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Do wolverines need a passport?

Posted by Barbara Christensen at Apr 03, 2010 09:30 PM |
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Three wolverines in WA were on the move this winter, and apparently, they are international travelers. A collaborative research effort that reached across the border to BC placed collars on three wolverines to better understand how these wily predators travel throughout our region. The results were surprising, and we have maps. Everyone likes maps.

Three wolverines in WA were on the move this winter, and apparently, they are international travelers.

wolverine-map2wolverine map 2A collaborative research effort that reached across the border to BC placed collars on three wolverines to better understand how these wily predators travel throughout our region. They found that a young female is ranging far and wide, much to their surprise. 

You can see how  the wolverines traveled across the region in these maps (click each image or these links map 1, map 2).

Eowyn (a young female), Rocky (adult male), and a female that is believed to be an animal researchers have met in past years named Melanie were collared and are being tracked remotely by scientists from PNW Research Station, US Forest Service, WA Department of Fish and Wildlife, and Ministry of the Environment.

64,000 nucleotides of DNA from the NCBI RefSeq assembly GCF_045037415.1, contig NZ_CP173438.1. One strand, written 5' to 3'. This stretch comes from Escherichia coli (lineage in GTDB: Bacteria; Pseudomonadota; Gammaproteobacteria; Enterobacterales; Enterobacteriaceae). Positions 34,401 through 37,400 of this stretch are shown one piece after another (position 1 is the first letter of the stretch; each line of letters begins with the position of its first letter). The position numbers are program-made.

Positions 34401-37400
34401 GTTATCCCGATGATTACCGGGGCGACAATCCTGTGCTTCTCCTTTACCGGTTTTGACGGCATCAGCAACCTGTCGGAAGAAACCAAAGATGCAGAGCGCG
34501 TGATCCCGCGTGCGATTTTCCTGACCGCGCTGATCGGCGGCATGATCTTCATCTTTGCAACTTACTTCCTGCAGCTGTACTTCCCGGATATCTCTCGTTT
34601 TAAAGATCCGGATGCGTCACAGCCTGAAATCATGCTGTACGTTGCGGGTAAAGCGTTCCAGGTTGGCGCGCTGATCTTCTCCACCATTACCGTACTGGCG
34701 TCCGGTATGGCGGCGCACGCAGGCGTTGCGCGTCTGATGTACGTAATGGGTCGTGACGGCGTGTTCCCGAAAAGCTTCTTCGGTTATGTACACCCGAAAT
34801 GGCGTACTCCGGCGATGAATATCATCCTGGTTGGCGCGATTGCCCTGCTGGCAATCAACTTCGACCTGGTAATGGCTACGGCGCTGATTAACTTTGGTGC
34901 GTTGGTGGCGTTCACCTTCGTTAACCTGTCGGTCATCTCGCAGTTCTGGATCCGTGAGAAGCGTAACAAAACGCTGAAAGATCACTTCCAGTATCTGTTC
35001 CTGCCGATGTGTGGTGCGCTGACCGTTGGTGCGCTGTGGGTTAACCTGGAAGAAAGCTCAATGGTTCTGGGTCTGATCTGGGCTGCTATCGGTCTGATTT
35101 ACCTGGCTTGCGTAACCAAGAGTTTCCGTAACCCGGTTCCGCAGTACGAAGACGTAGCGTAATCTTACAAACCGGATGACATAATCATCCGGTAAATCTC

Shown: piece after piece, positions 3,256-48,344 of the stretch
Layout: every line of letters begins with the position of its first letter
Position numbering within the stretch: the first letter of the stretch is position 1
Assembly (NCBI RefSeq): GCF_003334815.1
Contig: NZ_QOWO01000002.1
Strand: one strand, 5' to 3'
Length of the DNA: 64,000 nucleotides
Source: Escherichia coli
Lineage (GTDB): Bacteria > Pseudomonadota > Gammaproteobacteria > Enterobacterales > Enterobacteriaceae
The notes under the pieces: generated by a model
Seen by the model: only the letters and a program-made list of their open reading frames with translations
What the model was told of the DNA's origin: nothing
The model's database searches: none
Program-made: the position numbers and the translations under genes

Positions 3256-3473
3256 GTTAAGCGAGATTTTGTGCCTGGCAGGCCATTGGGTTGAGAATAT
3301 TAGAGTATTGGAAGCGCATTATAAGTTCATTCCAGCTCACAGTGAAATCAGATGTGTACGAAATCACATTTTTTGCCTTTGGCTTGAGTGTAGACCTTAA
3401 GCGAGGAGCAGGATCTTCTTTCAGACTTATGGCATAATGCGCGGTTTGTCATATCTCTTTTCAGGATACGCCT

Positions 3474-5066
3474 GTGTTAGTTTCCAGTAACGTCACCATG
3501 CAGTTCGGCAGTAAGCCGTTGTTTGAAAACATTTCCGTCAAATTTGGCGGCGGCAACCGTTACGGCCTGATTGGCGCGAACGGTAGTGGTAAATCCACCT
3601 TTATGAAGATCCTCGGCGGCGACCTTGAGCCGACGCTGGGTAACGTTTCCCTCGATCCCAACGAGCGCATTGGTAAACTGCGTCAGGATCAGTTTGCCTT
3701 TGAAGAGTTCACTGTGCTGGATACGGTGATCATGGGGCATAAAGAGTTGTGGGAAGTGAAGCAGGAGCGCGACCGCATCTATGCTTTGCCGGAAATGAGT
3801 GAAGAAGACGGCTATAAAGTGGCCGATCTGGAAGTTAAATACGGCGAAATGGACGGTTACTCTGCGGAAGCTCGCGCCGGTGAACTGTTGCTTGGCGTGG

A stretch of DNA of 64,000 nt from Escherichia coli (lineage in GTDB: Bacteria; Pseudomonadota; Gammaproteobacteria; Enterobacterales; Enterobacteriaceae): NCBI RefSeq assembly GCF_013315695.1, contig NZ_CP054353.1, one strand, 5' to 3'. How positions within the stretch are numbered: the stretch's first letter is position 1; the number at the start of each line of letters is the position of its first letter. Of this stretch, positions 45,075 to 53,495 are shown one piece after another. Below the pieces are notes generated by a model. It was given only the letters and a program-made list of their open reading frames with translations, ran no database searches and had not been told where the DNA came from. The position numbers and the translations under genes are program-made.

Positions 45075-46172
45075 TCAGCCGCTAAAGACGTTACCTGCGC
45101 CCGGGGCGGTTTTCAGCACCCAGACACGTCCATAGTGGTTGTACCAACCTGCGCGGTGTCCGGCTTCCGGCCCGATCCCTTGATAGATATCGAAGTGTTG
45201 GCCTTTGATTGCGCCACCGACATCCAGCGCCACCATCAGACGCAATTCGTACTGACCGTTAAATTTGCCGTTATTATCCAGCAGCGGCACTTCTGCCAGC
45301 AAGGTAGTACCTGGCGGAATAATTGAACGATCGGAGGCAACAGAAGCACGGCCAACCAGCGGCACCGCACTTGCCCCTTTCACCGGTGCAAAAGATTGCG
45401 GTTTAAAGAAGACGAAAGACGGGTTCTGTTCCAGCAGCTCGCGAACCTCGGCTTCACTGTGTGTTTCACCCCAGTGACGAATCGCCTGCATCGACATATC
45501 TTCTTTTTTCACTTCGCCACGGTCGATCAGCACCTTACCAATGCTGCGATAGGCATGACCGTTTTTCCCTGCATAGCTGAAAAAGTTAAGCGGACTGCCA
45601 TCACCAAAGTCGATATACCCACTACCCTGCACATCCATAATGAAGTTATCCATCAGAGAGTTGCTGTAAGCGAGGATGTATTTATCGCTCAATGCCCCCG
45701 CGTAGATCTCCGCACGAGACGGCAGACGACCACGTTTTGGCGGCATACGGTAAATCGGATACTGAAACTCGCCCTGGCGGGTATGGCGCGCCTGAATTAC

The young Eowyn has not established a home turf yet and is travelling amazing distances on both sides of the border.  The straight line distance from her southern most satelite location in Washington State to her northern most location in British Columbia is 178 miles! Rocky also made trips on both sides of the border as well, while the other female remained in southern British Columbia. 

A recent Wenatchee World article covered the study;

That kind of a continuous trek covering great distances is something a male wolverine might do when they’re out looking for a mate, said Keith Aubry, research biologist for the U.S. Forest Service’s Research Station who is heading the wolverine study. “It’s not the kind of thing you’d expect a juvenile female to do,” he said. Even one named after a fictional noblewoman from “Lord of the Rings” who fancied herself a warrior.

Allowing wolverines to roam means protecting the critical habitat path for wolverines between the North Cascades and the central and southern Cascades. Wolverines travel long distances and move through high elevation areas, like Stevens Pass, that get snow earlier and hold it later in the year.

These remarkable and rare species travel this terrain in rough winter conditions, showing us that not only are wolverine tenacious travelers, but that wildlife really do know no borders.

[Science knows no borders either: see the reports from our 2009 Wild Links conference in BC]
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